Heitmann, Kosier offered little respect from 49ers

The new 49ers regime took its first step toward free agency by giving a clear indication what it thinks of the team's current offensive line – which is to say, not very much at all.

The Niners tendered both of their 2004 starting guards – restricted free agents Eric Heitmann and Kyle Kosier – at the lowest possible amount, giving each a one-year offer of $656,000.

With the NFL's free agency period beginning Wednesday, this could be considered a definite surprise, even for a team that is cleaning the slate such as the 49ers. As restricted free agents, Kosier and Heitmann can sign offer sheets with any other NFL team, and the 49ers would have only one week to match those offers.

By tendering each at the lowest amount, the 49ers would receive only seventh-round draft picks as compensation for either player should the team not match potential offers from other suitors. Heitmann and Kosier both were seventh-round selections in the 2002 draft.

The Niners could have tendered either player at a higher amount of $1.43 million, which would have guaranteed San Francisco a first-round pick as compensation should either sign an offer sheet from another team.

Obviously, the 49ers weren't considering tendering either at the highest amount of $1.9 million, which would have guaranteed them first- and third-round picks as compensation. But, considering the state of the team's offensive line, there is a certain wonder why the Niners didn't tender at least one of the two – with the versatile Kosier being the most likely candidate – at the higher $1.43 million amount to ensure at least one of the starters would be returning to the team in 2005.

But perhaps that's the point. After evaluating all team personnel during the past month, maybe coach Mike Nolan and his subordinates don't feel Kosier or Heitmann are worth more than the minimum offers.

And, though it might be risky strategy regarding two players who have proven they are of starter quality in the NFL, the team still can match any offer those two players might receive – in effect allowing another team to set the market for them on each player. The Niners then can decide if it's worth it to the team to match those potential offers, or take the seventh-round compensatory pick instead and go in a different direction.

The team appears inclined now to go with second-year guard Justin Smiley – a second-round pick in 2004 – as one of it starting guards in 2005. If either Kosier or Heitmann bolts this week, the guard position immediately becomes a top priority for the Niners to fill in free agency. They may want to get two, since – as Smiley displayed last year – it takes even top offensive line prospects acquired through the draft some time to get accustomed to playing at the NFL level.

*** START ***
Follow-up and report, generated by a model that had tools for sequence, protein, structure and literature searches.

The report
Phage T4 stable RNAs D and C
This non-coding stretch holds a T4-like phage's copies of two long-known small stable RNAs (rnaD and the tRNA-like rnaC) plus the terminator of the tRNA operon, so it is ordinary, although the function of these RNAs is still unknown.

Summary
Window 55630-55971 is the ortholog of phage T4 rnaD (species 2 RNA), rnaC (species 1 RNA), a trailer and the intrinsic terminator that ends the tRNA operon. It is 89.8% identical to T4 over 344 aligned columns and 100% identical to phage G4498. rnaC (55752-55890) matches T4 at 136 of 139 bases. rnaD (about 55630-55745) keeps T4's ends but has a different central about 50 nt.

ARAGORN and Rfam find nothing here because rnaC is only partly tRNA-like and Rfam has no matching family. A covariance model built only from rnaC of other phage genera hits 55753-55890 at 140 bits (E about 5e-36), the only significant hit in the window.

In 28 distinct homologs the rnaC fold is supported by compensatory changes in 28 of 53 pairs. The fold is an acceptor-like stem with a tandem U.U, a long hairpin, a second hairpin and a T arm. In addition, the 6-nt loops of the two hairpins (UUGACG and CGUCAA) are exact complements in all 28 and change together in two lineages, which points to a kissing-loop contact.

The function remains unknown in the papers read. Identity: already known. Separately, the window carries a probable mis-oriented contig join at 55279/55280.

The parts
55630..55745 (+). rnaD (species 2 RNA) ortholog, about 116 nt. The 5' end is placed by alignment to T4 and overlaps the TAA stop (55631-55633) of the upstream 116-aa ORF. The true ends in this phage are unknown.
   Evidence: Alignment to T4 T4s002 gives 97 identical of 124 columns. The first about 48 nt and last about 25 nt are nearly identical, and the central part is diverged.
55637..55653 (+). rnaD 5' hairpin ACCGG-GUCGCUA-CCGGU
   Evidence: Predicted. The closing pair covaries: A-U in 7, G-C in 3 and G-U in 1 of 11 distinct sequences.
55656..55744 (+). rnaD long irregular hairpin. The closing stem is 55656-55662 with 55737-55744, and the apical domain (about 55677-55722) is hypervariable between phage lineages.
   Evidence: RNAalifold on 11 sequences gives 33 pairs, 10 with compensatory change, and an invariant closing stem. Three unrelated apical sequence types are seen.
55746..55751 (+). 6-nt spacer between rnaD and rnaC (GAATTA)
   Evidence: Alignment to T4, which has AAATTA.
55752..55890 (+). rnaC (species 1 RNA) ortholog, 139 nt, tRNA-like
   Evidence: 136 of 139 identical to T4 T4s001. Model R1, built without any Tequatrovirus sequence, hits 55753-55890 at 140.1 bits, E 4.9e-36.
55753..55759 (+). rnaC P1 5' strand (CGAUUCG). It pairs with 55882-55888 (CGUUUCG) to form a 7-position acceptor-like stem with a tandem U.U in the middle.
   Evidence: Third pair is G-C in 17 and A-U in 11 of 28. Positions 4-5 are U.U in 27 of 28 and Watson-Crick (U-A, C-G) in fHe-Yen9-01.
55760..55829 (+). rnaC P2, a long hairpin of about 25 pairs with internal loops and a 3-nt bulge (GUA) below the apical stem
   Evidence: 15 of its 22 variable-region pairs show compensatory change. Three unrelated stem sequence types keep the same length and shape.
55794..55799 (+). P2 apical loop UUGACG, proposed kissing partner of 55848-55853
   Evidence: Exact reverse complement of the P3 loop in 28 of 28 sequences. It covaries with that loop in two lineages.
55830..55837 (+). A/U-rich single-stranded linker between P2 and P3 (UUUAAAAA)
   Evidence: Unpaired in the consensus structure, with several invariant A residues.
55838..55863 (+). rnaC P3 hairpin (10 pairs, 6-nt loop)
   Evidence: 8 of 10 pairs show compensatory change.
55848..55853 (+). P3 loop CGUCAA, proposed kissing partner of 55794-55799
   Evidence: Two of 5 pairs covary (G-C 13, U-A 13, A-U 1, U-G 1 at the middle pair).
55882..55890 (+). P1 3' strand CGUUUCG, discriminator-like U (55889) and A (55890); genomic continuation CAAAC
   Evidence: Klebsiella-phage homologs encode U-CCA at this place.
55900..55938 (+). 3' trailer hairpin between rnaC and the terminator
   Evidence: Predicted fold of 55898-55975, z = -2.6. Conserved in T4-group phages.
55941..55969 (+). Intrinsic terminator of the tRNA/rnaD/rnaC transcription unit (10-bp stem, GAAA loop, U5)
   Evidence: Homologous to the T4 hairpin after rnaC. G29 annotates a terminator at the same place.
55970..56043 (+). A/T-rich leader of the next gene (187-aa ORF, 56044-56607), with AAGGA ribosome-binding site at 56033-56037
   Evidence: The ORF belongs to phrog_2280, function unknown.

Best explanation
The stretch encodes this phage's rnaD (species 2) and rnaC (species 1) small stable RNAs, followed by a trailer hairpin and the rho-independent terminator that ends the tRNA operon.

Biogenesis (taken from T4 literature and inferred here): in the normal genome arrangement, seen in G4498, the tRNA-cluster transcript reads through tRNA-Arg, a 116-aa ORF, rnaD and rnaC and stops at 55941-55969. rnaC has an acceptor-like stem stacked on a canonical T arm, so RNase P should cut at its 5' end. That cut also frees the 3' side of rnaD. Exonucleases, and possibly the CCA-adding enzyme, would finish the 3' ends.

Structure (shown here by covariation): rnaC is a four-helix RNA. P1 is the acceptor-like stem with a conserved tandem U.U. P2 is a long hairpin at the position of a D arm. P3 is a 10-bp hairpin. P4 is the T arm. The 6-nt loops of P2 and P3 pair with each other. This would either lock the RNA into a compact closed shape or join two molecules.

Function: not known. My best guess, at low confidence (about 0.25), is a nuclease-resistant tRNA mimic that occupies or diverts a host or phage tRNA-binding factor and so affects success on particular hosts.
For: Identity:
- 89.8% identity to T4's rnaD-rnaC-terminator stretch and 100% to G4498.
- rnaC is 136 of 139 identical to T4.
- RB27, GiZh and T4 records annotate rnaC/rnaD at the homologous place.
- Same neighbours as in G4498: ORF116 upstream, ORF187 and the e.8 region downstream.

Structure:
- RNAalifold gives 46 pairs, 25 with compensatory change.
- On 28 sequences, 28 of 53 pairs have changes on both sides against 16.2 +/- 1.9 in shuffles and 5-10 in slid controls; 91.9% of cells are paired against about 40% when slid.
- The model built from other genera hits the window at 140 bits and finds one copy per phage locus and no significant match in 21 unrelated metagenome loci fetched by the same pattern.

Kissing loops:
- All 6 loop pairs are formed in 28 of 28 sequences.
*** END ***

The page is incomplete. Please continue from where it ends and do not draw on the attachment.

It's something of a slap in the face to both Kosier and Heitmann, who each started all 16 games last year. Heitmann played every snap of the season at left guard, and Kosier started seven games at right guard and nine at left tackle in place of Kwame Harris. Kosier was honored with the Bobb McKittrick Award as San Francisco's top offensive lineman of 2004.

The 49ers were in negotiations for a long-term contract with Heitmann before former general manager Terry Donahue was fired on Jan. 5. It appears Kosier was almost certain to be tendered at a higher amount if the previous management regime had remained in place.

But with the Niners, this is definitely a period of out with the old and in with the new. The chances of Heitmann and Kosier being part of the new just took a big hit, even though they were two of the most dependable players on San Francisco's offensive line last year.

Dependable, however, doesn't appear to be enough. The new regime is looking for players who can make a bigger impact in the trenches. That's a message made clear by a move that offers little respect to two 2004 starters, who – in their vision for a revamped offensive line – the 49ers don't appear to view as much more than backup quality.

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